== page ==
Today’s Covid 19 report is as follows: there are 6,498 new community cases, and there have been 8 further deaths. There’s a warning that visitors to hospitals (with Covid 19) are infecting patients. There are 487 people in hospital, including 11 in Intensive Care.
Of today’s deaths three were from Auckland region, two were in Waikato, one was from Taranaki, one was from MidCentral, and one was from Whanganui. All were from the past two days. One person was aged in their 60s, four were in their 80s, and three were aged over 90. Of these people, four were women and four were men. This brings the total number of deaths in New Zealand to 1567. (Australia has lost over 10,000 people to this virus).
The Covid patients in hospital are in Northland (seven), Waitematā (114), Counties Manukau (44), Auckland (34), Waikato (38), Bay of Plenty (22), Lakes (23), Hawke’s Bay (13), MidCentral: (14), Whanganui (five), Taranaki (12), Tairawhiti (two), Wairarapa (nine), Capital and Coast (40), Hutt Valley (seven), Nelson Marlborough (10), Canterbury (57), South Canterbury (seven), West Coast (two) and the Southern region (27). The average age of patients in hospital is 63. That would be 40 in the Wellington area!
Experts are now warning New Zealand is facing a second wave of coronavirus infections as cases of the Omicron subvariant BA.5 spread around the country. Minister of Health Andrew Little has tested positive for Covid 19 and says he is working from home. We aren’t told the numbers of new cases in each centre.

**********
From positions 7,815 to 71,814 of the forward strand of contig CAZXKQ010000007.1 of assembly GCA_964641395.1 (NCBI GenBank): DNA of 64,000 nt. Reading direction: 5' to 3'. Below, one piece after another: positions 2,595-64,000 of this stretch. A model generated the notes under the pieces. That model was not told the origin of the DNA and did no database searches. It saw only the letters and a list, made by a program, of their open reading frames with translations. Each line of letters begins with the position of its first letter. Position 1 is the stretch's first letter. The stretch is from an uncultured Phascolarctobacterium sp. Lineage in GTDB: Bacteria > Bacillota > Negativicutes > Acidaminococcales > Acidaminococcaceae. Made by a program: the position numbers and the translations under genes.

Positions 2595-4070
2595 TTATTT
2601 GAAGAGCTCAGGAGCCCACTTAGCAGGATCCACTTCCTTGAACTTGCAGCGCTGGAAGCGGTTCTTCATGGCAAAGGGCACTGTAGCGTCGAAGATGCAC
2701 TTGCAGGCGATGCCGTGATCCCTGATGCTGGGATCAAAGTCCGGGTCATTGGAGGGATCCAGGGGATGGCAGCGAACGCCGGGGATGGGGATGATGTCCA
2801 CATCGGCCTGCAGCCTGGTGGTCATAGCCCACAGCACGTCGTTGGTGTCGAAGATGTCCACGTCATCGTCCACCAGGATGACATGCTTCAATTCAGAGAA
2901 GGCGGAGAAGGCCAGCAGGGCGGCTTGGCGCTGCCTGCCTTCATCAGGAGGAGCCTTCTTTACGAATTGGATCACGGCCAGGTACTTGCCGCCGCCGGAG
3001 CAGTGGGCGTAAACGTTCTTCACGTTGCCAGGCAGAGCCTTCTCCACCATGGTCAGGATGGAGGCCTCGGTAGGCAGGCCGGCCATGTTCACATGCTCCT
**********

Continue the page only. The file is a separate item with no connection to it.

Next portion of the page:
In the US, there’s distressing news. The Supreme Court, having struck down Roe, has said that the EPA (Environmental Protection Agency) cannot dictate for power reduction as it has done and would do under Biden’s climate plan. The US Supreme Court seems to think it can act with gay abandon, now: these unelected folk are cutting swathes across democratically instituted laws. The cruelty of the ruling to strike down Roe has not escaped others besides me: others, too, have noted the extreme cruelty demonstrated here. Americans are reacting with a mixture of shock, grief and frustration. The Federalist Society has got its way, with the conservative majority on the Supreme Court poised to abolish more hard-earned rights: these folk have not been elected, although many of us are hugely frustrated by the idea(l) of “American democracy”. The traditional separation between church and state is being abolished too. Access to guns is easier. The current situation, where the republicans are in control of many state legislatures, makes a mockery of their much-vaunted constitution, which many take an oath to defend. This constitution, in the hands of extreme right-wing fanatics, is not helpful to the majority of the people, some of whom cannot get good health care, are at mercy of polluted air and water, and cannot even get good sewerage in parts of the country. What a sad place this is. One wit said that life begins at conception and ends at birth. The majority of Americans do not support these draconian right-wing decisions.